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AU - Merchant, Thomas E.

AU - Lee, Heather

AU - Zhu, Junhong

AU - Xiong, Xiaoping

AU - Wheeler, Gregory

AU - Phipps, Sean

AU - Boop, Frederick

AU - Sanford, Robert A.

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N2 - Object. The goal of this study was to determine the influence of hydrocephalus on intelligence quotient (IQ) in children with infratentorial ependymoma before and after the administration of focal radiation. Methods. Measurements of ventricular size, including Evans index (EI), cella media index (CMI), frontal horn diameter (FHD), and ventricular angle, were performed using magnetic resonance imaging at the time of diagnosis and again at 3, 6, 9, and 12 months after the initiation of radiation therapy. Of the 59 patients (median age at time of radiation treatment, 4.1 years), the clinical diagnosis established in 50 (85%) was hydrocephalus and 23 (39%) required placement of a cerebrospinal fluid (CSF) shunt. Extent of resection was gross or near total in 50 (85%). Before and after radiation treatment, IQ was measured using age-appropriate testing. The correlation between multiple ventricular measurements and IQ was investigated using standard regression techniques and a generalized linear model. Patients with a higher EI (p = 0.04), CMI (p = 0.001), and FHD (p = 0.0002) at the time of diagnosis were more likely to have lower IQ scores before radiation treatment. Patients with higher CMI (p = 0.04) and FHD (p = 0.01) at the time of diagnosis were more likely to exhibit an increase in IQ score after radiotherapy. The rate of change in IQ after radiation treatment was positively correlated with the CMI intercept (p = 0.015) and negatively correlated with the rate of FHD change (p = 0.006). Conclusions. Changes in IQ score before and after radiation treatment are significantly influenced by the extent and treatment of hydrocephalus at the time of diagnosis. Hydrocephalus is an important factor to include when analyzing the effects of treatment. Patients who undergo a second surgery for ependymoma are more likely to require the placement of a CSF shunt (p = 0.0001).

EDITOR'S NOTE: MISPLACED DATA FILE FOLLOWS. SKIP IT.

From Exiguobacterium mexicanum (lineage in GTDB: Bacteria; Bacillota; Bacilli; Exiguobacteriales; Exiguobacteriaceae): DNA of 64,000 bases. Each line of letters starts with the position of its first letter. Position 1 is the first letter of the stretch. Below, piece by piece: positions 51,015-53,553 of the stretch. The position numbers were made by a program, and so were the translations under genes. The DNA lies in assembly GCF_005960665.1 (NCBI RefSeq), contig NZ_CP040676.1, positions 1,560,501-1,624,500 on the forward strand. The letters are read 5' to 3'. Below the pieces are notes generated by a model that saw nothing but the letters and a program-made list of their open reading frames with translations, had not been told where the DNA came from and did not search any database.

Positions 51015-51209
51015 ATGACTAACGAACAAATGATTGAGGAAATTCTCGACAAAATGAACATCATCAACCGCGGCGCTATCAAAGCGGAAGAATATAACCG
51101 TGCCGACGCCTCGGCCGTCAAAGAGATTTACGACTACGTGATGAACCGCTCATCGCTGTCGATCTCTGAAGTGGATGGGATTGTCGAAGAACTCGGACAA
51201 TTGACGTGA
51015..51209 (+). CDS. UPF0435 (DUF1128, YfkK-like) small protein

AB - Object. The goal of this study was to determine the influence of hydrocephalus on intelligence quotient (IQ) in children with infratentorial ependymoma before and after the administration of focal radiation. Methods. Measurements of ventricular size, including Evans index (EI), cella media index (CMI), frontal horn diameter (FHD), and ventricular angle, were performed using magnetic resonance imaging at the time of diagnosis and again at 3, 6, 9, and 12 months after the initiation of radiation therapy. Of the 59 patients (median age at time of radiation treatment, 4.1 years), the clinical diagnosis established in 50 (85%) was hydrocephalus and 23 (39%) required placement of a cerebrospinal fluid (CSF) shunt. Extent of resection was gross or near total in 50 (85%). Before and after radiation treatment, IQ was measured using age-appropriate testing. The correlation between multiple ventricular measurements and IQ was investigated using standard regression techniques and a generalized linear model. Patients with a higher EI (p = 0.04), CMI (p = 0.001), and FHD (p = 0.0002) at the time of diagnosis were more likely to have lower IQ scores before radiation treatment. Patients with higher CMI (p = 0.04) and FHD (p = 0.01) at the time of diagnosis were more likely to exhibit an increase in IQ score after radiotherapy. The rate of change in IQ after radiation treatment was positively correlated with the CMI intercept (p = 0.015) and negatively correlated with the rate of FHD change (p = 0.006). Conclusions. Changes in IQ score before and after radiation treatment are significantly influenced by the extent and treatment of hydrocephalus at the time of diagnosis. Hydrocephalus is an important factor to include when analyzing the effects of treatment. Patients who undergo a second surgery for ependymoma are more likely to require the placement of a CSF shunt (p = 0.0001).